If your vehicle has shut down there will be no permanent damage to the vehicle but it will cost you in terms of time and money. For a start you will need to have your vehicle recovered, secondly, the vehicle will need to be taken back to the dealership for it to be reset and filled up (at a cost) All the time you be incurring off-road costs and will be one vehicle down until it is ready to go again. We advise drivers to keep a supply on board and keep an eye on their vehicle’s warning light to monitor any depleting levels.

Storage

For users with bulk usage, there is a wide variety of storage and dispensing options, starting with a 210-litre drum fitted with a hand-operated pump, ranging right up to a 15,000-litre bulk tank fitted with overflow and spill alarms, plus a telemetry system that places repeat orders when stock level reaches a pre-determined minimum. The volume of AdBlue consumed will determine which option is the most appropriate. An IBC holding 1,000 litres is a convenient method of storing and dispensing AdBlue for small fleets. The point where AdBlue consumption exceeds one IBC per month is reckoned to be where it justifies investment in a storage tank. A typical tractor unit will consume AdBlue at the rate of 4-8% of diesel consumption.

There are no specific regulations applying to the storage of AdBlue. The Environment Agency has issued a set of guidelines which you can access through their website.

According to the Environment Agency, AdBlue,  if stored correctly - “poses minimal risk to operators and a limited risk to the environment.” Nevertheless, the Agency adds that AdBlue is “very polluting to surface water and groundwater” so there are guidelines if you have a spillage and failure to follow them means there is a risk to a water source, it has powers under the Anti-Pollution Works Regulations 1999 to issue a works notice forcing the necessary improvements to be made.

The quality of AdBlue is of the utmost importance. Contamination can result in damage to your SCR catalyst or after treatment and increases in harmful emission.

Handling

  • Protect AdBlue against any contamination at all times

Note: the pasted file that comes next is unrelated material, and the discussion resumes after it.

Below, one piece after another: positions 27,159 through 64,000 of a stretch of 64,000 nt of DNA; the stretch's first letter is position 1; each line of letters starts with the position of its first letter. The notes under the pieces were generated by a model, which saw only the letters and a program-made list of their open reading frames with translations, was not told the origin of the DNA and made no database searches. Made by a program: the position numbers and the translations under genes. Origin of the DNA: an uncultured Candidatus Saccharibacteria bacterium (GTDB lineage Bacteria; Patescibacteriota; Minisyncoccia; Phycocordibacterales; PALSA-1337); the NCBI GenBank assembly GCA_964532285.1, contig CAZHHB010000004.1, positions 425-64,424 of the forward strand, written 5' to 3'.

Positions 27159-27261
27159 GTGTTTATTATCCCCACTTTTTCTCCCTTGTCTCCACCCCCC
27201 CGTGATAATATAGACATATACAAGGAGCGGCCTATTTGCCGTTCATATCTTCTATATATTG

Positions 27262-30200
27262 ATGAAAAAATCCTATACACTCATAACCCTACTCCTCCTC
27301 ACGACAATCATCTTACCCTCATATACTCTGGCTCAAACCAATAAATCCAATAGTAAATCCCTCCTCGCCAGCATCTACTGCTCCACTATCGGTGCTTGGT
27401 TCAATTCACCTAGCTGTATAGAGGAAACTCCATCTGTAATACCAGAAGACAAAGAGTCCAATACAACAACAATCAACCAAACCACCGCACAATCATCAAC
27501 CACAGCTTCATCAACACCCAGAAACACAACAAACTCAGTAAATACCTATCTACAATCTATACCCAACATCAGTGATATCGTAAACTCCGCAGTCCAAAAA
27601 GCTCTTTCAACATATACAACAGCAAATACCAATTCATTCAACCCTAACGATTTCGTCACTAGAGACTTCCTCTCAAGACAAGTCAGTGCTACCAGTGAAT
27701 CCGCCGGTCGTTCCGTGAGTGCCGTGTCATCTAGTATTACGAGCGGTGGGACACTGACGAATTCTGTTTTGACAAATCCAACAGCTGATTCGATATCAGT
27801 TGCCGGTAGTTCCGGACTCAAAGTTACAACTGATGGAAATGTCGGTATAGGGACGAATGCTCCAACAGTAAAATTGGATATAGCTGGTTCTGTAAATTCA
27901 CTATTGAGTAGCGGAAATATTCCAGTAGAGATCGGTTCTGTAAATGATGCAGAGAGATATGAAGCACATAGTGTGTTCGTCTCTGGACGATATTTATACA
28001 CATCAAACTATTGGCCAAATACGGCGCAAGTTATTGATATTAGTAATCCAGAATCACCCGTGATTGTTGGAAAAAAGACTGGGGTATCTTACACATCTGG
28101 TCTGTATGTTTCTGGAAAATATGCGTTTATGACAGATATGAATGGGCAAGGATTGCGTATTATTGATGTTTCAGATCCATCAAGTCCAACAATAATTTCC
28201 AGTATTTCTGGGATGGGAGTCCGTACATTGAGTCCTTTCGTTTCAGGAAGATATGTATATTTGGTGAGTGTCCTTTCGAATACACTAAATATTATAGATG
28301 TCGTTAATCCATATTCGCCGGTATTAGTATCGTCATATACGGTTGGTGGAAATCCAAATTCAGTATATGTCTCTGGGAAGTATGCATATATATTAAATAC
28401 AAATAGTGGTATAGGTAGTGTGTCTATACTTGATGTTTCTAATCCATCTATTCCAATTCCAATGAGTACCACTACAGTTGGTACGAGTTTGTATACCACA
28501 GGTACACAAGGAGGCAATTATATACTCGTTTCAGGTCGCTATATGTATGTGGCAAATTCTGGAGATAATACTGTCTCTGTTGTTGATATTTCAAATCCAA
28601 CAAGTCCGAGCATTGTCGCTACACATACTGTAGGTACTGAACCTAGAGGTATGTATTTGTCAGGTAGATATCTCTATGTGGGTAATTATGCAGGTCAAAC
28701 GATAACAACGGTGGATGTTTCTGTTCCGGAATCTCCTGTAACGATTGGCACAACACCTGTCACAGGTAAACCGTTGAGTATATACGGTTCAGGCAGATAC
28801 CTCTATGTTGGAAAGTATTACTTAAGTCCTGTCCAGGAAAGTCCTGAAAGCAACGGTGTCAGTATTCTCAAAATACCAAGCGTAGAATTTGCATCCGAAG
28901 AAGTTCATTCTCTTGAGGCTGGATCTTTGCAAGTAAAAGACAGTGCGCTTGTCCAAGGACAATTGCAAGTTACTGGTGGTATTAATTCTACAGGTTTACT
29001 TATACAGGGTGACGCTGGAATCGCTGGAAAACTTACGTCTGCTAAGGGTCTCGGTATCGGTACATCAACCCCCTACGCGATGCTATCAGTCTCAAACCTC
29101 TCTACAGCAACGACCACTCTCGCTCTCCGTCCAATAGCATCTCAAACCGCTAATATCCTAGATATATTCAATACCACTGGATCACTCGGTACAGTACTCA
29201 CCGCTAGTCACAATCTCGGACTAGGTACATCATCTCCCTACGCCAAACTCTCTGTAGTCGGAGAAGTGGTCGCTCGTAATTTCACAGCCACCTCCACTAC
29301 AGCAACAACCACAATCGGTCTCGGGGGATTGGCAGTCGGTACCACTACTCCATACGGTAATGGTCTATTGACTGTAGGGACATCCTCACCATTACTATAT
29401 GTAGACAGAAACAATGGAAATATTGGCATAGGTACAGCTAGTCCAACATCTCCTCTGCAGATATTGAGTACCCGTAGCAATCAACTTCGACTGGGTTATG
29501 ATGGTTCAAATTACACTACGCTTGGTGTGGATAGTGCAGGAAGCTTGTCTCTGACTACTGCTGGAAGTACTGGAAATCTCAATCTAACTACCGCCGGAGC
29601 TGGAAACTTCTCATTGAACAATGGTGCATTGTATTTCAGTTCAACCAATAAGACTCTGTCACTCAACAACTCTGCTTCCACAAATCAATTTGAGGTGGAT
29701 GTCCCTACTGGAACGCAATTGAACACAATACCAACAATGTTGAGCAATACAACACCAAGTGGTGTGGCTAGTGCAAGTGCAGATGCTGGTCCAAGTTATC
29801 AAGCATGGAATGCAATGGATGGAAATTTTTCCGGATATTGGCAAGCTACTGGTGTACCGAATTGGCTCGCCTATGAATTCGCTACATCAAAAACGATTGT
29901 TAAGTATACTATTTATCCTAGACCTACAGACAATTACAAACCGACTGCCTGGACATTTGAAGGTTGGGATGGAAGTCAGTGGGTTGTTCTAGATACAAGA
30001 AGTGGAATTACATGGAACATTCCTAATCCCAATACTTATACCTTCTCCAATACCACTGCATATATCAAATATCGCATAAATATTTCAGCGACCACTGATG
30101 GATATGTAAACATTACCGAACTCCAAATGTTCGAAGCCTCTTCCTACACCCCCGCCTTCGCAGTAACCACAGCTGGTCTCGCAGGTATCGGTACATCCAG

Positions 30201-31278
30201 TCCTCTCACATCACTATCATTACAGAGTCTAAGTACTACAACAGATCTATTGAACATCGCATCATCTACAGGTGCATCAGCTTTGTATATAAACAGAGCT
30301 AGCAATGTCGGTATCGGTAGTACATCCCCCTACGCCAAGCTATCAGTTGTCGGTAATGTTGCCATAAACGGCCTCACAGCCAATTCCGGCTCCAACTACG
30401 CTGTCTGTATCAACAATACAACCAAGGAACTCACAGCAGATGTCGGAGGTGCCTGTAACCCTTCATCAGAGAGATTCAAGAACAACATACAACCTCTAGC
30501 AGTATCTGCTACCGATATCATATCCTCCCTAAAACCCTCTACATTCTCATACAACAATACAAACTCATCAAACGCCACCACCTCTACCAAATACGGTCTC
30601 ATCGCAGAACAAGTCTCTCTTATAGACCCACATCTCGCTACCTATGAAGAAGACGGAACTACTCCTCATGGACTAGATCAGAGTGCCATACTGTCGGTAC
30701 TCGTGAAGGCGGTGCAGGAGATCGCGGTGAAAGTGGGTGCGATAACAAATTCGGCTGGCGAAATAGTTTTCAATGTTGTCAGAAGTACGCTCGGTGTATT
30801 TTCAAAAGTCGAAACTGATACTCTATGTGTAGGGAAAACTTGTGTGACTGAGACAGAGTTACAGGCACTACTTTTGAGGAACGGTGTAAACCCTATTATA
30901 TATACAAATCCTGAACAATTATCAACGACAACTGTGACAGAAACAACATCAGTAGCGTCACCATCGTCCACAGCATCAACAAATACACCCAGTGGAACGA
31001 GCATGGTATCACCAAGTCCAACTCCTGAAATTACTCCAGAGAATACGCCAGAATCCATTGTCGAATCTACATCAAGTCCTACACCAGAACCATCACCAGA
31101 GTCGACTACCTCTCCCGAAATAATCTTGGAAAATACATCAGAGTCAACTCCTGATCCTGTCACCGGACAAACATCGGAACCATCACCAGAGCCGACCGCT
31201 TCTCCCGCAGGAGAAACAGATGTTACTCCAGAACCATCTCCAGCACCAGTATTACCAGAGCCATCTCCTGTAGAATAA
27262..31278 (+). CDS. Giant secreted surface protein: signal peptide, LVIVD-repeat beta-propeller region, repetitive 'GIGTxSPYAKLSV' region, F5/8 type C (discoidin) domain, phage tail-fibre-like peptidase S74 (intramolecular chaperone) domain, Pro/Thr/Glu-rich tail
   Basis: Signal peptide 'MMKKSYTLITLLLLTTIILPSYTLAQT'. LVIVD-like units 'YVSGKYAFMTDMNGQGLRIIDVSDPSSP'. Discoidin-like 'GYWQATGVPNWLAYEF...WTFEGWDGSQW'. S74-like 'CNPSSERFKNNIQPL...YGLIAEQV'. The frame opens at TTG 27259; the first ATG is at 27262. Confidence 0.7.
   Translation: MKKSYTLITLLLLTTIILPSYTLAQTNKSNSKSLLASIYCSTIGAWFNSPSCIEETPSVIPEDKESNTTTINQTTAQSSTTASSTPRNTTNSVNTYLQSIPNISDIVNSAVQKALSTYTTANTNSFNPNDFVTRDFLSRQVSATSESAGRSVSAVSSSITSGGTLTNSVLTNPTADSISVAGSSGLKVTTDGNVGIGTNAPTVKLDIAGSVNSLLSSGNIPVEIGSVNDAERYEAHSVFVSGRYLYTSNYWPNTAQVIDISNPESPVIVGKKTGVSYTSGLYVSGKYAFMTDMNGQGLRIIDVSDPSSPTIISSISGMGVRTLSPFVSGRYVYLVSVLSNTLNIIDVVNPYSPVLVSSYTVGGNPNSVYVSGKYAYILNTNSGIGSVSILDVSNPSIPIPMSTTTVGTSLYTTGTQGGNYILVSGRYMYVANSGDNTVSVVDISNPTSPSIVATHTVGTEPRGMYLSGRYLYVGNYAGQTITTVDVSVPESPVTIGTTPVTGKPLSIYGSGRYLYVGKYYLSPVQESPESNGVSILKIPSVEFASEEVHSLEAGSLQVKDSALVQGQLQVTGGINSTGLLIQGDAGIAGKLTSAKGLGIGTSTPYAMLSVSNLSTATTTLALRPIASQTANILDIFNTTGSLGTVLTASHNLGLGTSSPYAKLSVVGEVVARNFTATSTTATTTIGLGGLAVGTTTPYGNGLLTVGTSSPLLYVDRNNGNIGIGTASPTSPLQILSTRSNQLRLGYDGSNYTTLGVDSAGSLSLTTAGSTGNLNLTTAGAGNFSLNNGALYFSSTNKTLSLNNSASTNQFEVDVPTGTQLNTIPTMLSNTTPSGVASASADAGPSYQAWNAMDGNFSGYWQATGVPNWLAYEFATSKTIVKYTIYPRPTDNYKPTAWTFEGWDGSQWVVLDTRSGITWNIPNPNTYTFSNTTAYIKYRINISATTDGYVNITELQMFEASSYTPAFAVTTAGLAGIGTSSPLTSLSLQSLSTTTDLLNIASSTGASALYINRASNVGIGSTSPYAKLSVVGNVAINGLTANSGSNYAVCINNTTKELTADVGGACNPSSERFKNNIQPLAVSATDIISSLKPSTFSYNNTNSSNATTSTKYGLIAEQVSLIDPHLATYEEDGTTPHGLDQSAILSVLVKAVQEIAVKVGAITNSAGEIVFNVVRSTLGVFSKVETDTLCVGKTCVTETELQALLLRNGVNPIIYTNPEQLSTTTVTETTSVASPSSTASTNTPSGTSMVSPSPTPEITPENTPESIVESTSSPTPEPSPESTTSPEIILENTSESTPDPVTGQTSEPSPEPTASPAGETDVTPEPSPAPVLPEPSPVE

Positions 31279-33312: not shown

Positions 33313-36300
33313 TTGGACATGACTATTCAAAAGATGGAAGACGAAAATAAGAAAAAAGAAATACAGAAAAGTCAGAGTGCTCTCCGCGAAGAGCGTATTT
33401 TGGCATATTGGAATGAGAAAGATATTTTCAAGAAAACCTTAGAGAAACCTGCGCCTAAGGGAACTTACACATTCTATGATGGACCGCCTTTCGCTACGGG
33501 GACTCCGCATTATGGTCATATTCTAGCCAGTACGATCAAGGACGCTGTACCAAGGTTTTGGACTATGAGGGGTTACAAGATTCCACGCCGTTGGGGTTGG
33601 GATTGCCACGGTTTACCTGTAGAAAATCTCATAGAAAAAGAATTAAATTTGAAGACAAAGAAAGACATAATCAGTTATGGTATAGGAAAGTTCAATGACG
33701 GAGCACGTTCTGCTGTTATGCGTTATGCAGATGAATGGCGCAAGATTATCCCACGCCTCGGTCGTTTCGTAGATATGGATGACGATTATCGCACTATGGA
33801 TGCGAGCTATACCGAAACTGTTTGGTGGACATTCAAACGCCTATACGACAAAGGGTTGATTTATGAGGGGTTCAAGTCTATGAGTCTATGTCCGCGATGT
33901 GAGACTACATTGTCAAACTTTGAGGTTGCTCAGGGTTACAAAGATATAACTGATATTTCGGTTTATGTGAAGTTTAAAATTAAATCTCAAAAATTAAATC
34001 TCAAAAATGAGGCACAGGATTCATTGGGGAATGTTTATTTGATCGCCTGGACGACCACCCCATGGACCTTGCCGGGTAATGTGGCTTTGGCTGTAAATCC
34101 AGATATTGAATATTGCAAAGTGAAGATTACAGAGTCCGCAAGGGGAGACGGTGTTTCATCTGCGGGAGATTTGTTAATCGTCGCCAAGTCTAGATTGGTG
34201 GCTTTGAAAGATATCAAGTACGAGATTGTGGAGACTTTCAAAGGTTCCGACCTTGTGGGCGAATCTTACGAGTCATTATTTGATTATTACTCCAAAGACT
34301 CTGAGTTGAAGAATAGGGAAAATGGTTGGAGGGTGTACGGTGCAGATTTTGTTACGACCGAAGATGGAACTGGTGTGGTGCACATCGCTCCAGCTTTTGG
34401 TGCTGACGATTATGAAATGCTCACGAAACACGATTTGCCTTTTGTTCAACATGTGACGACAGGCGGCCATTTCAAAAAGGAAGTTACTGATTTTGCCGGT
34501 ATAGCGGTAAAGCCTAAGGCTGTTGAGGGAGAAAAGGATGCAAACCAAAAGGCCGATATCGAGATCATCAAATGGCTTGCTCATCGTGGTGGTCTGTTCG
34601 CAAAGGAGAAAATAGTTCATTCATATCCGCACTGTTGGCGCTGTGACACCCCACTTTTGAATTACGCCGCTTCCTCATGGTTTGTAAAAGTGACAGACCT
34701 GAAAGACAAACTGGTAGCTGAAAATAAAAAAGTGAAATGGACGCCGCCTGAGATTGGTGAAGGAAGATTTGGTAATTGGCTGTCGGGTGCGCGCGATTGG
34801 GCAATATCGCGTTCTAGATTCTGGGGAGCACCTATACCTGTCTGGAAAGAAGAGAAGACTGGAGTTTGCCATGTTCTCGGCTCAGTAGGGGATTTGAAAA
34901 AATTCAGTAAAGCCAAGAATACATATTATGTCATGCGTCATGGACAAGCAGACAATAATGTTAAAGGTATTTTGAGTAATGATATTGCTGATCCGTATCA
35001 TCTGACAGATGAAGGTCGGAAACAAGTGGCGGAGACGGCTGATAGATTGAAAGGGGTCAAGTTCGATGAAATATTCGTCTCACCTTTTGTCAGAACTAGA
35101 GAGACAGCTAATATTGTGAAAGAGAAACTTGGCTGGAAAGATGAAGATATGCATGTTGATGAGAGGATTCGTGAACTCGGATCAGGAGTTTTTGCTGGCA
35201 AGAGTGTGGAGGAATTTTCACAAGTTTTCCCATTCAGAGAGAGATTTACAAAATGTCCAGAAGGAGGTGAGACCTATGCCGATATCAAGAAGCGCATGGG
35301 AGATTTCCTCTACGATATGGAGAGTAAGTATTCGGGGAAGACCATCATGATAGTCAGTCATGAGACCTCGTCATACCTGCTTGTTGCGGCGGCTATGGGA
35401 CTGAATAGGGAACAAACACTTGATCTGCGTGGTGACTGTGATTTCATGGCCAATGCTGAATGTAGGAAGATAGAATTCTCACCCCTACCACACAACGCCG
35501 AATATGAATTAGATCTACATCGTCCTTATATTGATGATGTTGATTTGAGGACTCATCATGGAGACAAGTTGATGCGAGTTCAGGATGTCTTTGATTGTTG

• (fuel, oil, water, dust, dirt, metals, detergent etc.)
    • Don’t put anything inside the AdBlue container. This will • compromise quality.
    • Make sure that you do not mix AdBlue with diesel or any • other liquids.
    • Do not try to mix your own AdBlue, urea quality is very
    • important.
    • If you use a jug or vessel to transport AdBlue, make sure • that it is clean. Do not use vessels that have previously • been used to transport diesel or oil.
    • Use AdBlue dedicated materials instead.

What do I do when I have accidentally put AdBlue in my diesel tank?

Do not start your engine!

Depending on the amount of AdBlue, you may damage your engine when you start it. You should empty and clean your tank. You will have to empty the whole tank and discard the mixture.

For further instructions on emptying and cleaning your tank, please contact your vehicle supplier.

What do I do when I have accidentally put diesel in my AdBlue tank?

Do not start your engine!

Even the slightest drop of diesel will pollute the AdBlue in your tank. One drop of diesel will pollute up to 20 litres of AdBlue. Running with polluted AdBlue will disrupt your SCR system. To prevent further damage to your vehicle, it is best to contact your vehicle manufacturer. You may need to replace certain AdBlue components.

If you are a customer and need any assistance or have questions relating to AdBlue, please call our workshops and we will help in any way we can.

 

 

 


If you've enjoyed this article please help us share it with the rest of the world - Thank you

Categories

Related Articles

Depots throughout Yorkshire